Data science is incorporated into almost every industry in 2019, including the Australian federal and state governments. Big data management generates better information and practices across a wide array of areas and is part of both governments’ plans to improve safety, helping Australia grow as a nation.
Understanding this transformation offers insight into how other agencies can follow suit and the benefits of doing so.
What is big data?
Big data refers to the vast collections of information, which can capture both structured (e.g. names in hospital records), and unstructured data (e.g. CCTV footage, data from sensors and images). Due to the large amount of data this can encapsulate, computer-driven analytics decipher correlations and common threads within this data much faster than any human could.
By analysing trends and running millions of simulations, various agencies and departments can then discover and use patterns that can help make informed future decisions.
In an effort to have more efficient practices and save taxpayer dollars, Australian government agencies are acquiring and using big data at both a federal and state level. For example, predictive analytics is being used to detect tax fraud, and emergency services, such as Ambulance Victoria, are improving resource allocation with the same data-driven technology. Data warehouses (large collections of data from multiple sources) are being modernised, with data being stored, combined and analysed to maximise value.
State and local governments in particular want to make their data visible, accessible and useful to its constituents. This not only makes it transparent and offers the public peace of mind, it also allows external experts to contribute on how to best utilise these vast amounts of information.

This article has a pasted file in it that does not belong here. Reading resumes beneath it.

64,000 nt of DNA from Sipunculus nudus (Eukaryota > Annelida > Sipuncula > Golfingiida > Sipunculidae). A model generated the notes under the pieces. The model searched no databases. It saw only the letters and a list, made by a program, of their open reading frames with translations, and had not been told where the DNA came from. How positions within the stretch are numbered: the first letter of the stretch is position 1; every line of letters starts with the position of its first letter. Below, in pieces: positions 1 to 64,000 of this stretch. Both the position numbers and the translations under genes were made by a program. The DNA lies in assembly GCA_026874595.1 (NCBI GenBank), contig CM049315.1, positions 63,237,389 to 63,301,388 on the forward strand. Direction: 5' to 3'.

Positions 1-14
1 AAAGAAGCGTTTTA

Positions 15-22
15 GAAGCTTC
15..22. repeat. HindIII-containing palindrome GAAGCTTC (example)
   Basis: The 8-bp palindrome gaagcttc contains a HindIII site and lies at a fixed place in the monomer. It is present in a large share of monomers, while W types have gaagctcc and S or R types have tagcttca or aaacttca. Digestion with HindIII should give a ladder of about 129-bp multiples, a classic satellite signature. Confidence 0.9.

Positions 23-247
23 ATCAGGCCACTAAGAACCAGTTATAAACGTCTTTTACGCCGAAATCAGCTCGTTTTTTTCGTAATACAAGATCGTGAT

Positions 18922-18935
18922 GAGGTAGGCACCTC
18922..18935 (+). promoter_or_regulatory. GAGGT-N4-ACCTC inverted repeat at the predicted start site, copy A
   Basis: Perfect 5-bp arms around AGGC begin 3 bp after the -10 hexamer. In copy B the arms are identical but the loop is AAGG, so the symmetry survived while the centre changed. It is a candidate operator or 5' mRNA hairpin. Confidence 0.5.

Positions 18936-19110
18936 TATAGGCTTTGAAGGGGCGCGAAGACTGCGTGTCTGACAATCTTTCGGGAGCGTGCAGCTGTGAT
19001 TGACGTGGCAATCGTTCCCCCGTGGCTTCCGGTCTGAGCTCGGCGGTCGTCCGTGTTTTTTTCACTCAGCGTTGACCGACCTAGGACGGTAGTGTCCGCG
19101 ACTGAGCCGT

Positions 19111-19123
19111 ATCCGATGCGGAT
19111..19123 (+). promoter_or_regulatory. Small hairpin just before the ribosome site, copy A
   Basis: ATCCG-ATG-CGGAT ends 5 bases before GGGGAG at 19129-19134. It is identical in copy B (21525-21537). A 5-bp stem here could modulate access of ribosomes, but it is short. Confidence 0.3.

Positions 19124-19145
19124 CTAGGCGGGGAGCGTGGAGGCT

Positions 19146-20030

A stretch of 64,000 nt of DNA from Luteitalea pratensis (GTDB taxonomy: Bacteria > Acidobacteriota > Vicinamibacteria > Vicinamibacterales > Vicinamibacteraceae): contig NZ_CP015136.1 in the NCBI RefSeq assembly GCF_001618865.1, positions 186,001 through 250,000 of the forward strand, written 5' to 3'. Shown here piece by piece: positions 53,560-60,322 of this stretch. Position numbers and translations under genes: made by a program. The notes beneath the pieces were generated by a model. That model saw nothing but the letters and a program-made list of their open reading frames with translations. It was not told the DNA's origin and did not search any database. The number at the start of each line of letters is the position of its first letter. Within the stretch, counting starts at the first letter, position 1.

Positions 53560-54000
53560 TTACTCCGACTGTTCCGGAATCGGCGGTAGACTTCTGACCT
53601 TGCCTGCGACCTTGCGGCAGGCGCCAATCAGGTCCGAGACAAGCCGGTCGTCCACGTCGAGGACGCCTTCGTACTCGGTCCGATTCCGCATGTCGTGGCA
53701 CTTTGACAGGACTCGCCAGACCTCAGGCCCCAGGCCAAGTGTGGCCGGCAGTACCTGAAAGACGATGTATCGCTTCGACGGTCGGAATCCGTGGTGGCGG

This process has already started across different levels of government. Here are five ways different departments and agencies are using data science and big data.
Learn more about how big data can help your agency with a Masters of Data Science from the University of New South Wales, a flexible, online, two-year course that will empower you with the skills and experience needed to pursue a career in data analysis.
1. Internal efficiency
Improving internal efficiency, helping to decrease the time spent on simple tasks, is a key reason behind implementing big data science.
Analytics can greatly influence many aspects of a business and streamline often tedious administrative tasks. This can eliminate hours of paperwork and create time for more important projects for members of respective governmental areas, such as the Australian Tax Office and Centrelink.
2. Environmental protection
Both the CSIRO and Geoscience Australia have undertaken vast data management and analytical procedures for the country’s environmental sustainability and protection. Analytical simulations allow for a more clear understanding of environmental resources thereby informing relevant parties on how to best allocate and deliver water.